The past year brought blockbuster headlines for U.S. manufacturing. Taiwanese electronics giant Foxconn unveiled plans to build a $10 billion assembly plant in Wisconsin that would make liquid-crystal display panels and employ as many as 13,000 people.
Increasing demand for smart devices and embedded intelligence is driving manufacturers in a variety of industries to invest in new production tools and technologies. Additive manufacturing, advanced sensors, augmented reality, cloud-based computing, collaborative robots and digital twins are just a few of the many trends transforming factory floors today.
For Flex, there isn't a question of what can't they do, but what they will do next. The 50-year-old company began manufacturing electronic products, something it still does today, but has expanded to offer end-to-end production across the globe.
BOSTON—Nearly one in four exports from Massachusetts is a medical device, making the state No. 1 in the nation in share of exports of medical devices as a percentage of total exports, according to a report by the Massachusetts Medical Device Industry Council.
TORONTO—Assembling a microrobot used to require a pair of needle-nosed tweezers, a microscope, steady hands, and at least eight hours. But, now University of Toronto engineering researchers have developed a method that requires only a 3D printer and 20 minutes.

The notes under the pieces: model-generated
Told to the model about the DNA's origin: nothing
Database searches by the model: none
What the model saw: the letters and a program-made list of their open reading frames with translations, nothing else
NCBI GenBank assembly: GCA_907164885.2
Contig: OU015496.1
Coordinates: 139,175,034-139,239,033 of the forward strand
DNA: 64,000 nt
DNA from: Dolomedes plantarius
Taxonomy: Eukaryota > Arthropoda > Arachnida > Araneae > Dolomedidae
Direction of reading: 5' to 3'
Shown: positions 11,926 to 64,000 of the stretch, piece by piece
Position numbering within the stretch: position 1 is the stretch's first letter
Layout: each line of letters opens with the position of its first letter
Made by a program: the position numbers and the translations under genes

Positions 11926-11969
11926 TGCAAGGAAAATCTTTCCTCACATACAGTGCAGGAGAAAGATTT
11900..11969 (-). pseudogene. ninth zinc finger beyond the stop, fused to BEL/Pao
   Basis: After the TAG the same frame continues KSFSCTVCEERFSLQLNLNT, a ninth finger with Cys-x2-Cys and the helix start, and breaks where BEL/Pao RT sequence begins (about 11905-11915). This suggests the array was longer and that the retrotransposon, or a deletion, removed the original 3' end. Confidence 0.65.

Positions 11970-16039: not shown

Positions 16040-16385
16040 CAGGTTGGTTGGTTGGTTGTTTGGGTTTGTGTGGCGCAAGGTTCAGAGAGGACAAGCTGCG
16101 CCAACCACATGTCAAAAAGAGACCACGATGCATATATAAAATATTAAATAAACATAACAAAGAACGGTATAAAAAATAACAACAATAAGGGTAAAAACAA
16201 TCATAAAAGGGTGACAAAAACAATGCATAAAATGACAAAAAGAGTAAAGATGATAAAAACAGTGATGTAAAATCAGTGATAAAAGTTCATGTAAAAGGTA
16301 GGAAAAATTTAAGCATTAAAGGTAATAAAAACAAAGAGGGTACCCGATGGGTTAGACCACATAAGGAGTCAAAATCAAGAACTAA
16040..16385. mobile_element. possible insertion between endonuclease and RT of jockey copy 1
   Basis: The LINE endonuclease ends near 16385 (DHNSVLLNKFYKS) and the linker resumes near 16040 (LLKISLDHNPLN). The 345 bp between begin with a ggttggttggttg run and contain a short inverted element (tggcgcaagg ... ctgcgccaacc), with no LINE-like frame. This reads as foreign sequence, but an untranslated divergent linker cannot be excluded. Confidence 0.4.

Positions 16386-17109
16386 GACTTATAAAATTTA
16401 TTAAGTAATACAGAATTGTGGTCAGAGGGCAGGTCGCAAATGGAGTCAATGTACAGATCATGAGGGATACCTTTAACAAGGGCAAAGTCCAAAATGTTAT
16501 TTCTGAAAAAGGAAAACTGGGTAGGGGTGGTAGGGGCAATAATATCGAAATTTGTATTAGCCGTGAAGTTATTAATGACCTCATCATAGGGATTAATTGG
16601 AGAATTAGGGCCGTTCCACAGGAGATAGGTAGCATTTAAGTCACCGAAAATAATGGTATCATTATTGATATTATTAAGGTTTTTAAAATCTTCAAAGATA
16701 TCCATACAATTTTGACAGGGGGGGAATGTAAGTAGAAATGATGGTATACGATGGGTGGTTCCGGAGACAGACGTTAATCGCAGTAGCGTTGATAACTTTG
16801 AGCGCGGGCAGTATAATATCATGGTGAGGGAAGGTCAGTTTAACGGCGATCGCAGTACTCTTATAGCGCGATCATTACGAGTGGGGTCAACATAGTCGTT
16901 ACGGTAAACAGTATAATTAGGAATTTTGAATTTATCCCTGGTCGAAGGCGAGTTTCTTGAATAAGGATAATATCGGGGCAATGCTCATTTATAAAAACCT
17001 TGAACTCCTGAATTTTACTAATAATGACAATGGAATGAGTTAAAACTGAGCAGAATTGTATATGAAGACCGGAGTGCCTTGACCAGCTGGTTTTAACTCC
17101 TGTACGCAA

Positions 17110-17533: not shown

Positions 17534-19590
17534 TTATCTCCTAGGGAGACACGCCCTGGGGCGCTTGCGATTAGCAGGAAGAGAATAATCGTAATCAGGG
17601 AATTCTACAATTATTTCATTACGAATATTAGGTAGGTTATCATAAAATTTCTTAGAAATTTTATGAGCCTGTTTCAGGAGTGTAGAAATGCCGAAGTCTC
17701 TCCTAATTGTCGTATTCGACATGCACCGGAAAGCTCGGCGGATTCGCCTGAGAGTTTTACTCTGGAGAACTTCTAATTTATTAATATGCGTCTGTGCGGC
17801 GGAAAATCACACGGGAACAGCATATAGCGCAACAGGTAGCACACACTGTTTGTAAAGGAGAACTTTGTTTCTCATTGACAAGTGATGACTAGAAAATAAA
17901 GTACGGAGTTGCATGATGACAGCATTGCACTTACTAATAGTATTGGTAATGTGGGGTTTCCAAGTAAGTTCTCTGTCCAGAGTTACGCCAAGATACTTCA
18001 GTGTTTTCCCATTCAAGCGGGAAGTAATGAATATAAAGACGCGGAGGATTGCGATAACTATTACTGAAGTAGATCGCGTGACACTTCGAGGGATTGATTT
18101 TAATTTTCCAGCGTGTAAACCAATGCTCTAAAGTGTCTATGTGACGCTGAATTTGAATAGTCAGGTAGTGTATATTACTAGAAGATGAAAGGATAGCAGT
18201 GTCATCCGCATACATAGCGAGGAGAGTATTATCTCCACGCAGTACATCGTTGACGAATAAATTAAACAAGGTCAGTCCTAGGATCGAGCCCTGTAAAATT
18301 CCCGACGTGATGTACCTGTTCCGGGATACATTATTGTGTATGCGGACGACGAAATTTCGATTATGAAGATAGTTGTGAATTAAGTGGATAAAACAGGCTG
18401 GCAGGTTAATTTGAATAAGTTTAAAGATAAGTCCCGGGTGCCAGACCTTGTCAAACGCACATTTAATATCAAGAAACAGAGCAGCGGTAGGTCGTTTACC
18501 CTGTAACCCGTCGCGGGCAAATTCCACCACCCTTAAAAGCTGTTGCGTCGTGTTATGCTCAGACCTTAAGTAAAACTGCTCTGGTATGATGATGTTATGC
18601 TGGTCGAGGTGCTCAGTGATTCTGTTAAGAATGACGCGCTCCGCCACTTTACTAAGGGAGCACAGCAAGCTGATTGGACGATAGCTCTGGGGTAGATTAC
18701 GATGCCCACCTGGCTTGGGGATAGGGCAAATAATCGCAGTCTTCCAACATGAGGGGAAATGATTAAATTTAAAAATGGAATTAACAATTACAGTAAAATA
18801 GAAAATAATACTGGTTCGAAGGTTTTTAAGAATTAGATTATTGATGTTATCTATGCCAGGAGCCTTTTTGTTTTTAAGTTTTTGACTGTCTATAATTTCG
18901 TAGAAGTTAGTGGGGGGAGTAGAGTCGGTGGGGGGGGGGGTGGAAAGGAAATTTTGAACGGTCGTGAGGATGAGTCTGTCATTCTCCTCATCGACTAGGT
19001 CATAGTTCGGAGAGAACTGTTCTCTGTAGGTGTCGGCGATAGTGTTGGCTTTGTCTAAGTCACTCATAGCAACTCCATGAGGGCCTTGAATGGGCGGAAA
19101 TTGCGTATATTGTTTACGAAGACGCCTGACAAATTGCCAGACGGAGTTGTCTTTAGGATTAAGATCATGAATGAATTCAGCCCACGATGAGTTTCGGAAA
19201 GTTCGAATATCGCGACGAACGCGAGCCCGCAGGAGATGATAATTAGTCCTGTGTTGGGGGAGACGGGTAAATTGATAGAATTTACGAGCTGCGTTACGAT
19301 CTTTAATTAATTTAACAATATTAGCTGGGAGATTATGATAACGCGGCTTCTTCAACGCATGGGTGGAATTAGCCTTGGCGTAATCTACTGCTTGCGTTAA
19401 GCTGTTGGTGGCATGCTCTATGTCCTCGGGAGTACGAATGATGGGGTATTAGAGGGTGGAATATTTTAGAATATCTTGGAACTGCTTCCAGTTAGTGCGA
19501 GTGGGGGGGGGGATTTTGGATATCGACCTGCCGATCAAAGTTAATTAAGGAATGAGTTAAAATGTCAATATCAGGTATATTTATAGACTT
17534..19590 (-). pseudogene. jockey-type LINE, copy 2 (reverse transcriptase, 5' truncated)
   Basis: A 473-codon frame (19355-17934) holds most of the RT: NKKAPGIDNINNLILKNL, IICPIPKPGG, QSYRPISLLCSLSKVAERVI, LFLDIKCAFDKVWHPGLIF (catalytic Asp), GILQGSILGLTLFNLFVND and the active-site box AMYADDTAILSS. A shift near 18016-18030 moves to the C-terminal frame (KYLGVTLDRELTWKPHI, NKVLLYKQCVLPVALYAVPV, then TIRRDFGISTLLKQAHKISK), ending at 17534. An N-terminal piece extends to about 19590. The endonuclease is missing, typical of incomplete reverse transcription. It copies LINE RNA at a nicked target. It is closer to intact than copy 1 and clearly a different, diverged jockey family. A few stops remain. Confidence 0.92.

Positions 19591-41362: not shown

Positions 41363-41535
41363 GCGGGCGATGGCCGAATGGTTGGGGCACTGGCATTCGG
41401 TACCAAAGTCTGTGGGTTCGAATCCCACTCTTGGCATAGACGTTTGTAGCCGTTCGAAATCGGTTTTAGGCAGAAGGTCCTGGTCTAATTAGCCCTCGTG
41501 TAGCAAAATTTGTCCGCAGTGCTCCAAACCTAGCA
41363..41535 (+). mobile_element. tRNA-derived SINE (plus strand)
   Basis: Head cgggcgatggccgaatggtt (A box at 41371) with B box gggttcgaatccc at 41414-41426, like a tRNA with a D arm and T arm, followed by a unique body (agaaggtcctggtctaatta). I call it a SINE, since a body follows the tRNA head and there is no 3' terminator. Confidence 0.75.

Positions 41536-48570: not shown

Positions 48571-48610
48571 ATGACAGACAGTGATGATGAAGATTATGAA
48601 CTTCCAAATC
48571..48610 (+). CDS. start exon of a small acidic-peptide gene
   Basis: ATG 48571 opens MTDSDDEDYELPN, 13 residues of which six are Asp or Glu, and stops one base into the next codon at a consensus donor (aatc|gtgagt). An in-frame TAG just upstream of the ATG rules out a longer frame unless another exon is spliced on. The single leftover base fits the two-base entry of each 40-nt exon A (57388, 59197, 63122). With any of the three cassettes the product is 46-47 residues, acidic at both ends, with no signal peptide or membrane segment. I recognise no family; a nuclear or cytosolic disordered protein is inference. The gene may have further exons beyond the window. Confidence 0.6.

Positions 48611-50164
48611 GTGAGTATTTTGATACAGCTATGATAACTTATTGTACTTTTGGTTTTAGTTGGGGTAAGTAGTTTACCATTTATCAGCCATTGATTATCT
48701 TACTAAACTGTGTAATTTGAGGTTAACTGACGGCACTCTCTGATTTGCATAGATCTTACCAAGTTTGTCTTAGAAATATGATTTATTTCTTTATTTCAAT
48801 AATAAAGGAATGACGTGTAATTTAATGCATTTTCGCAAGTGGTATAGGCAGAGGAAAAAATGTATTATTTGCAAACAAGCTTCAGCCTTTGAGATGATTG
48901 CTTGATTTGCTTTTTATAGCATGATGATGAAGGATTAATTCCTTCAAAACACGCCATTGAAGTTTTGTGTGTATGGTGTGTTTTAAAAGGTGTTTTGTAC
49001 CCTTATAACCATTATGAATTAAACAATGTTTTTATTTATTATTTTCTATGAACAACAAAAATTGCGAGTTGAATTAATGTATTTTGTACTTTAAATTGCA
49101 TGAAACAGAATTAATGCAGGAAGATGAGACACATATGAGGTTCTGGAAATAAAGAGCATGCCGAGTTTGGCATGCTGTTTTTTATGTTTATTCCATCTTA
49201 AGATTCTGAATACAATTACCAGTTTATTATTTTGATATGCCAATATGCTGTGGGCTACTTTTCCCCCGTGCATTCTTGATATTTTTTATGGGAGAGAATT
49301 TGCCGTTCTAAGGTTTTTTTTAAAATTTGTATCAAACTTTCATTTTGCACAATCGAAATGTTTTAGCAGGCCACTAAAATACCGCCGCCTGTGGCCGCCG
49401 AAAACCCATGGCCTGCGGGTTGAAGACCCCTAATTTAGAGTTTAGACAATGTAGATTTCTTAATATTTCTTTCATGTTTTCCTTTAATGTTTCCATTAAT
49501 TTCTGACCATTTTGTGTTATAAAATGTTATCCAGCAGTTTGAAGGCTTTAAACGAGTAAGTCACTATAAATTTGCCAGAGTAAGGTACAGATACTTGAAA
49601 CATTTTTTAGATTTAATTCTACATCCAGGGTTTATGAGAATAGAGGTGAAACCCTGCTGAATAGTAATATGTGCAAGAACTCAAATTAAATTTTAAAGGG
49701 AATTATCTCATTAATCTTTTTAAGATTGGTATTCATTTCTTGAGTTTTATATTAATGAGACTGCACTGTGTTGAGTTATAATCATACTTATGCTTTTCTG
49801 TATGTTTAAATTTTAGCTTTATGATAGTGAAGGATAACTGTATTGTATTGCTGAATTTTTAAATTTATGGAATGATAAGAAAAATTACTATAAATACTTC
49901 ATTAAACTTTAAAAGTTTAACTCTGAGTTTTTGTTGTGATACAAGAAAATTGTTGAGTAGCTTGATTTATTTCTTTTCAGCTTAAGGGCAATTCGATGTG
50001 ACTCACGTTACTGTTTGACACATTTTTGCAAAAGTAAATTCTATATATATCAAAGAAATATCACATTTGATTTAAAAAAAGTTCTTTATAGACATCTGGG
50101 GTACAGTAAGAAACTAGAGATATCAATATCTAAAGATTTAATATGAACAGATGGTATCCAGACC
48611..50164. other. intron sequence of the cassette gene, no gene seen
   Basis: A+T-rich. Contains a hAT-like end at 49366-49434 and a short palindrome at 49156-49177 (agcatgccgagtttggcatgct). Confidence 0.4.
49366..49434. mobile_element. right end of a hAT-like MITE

Ergonomic upgrades are becoming a vital part of many workplaces, and assembly workstations can be especially challenging. According to data from the Occupational Safety and Health Administration, ergonomic issues cost U.S. companies upwards of $54 billion annually, and they account for one-third of workplace absences.
For medical devices such as catheters, syringes, vials, test tubes and injector pens, many manufacturers are turning to plastics that are formulated to resist harsh chemical and environmental conditions.
ANN ARBOR, MI—Industrial robot orders in 2018 grew 24 percent over the previous year in the life sciences, food and consumer goods, plastics and rubber and electronics industries, according to the Robotics Industries Association. The main reasons are lower robot prices, and robot systems that are easier to install, integrate and program.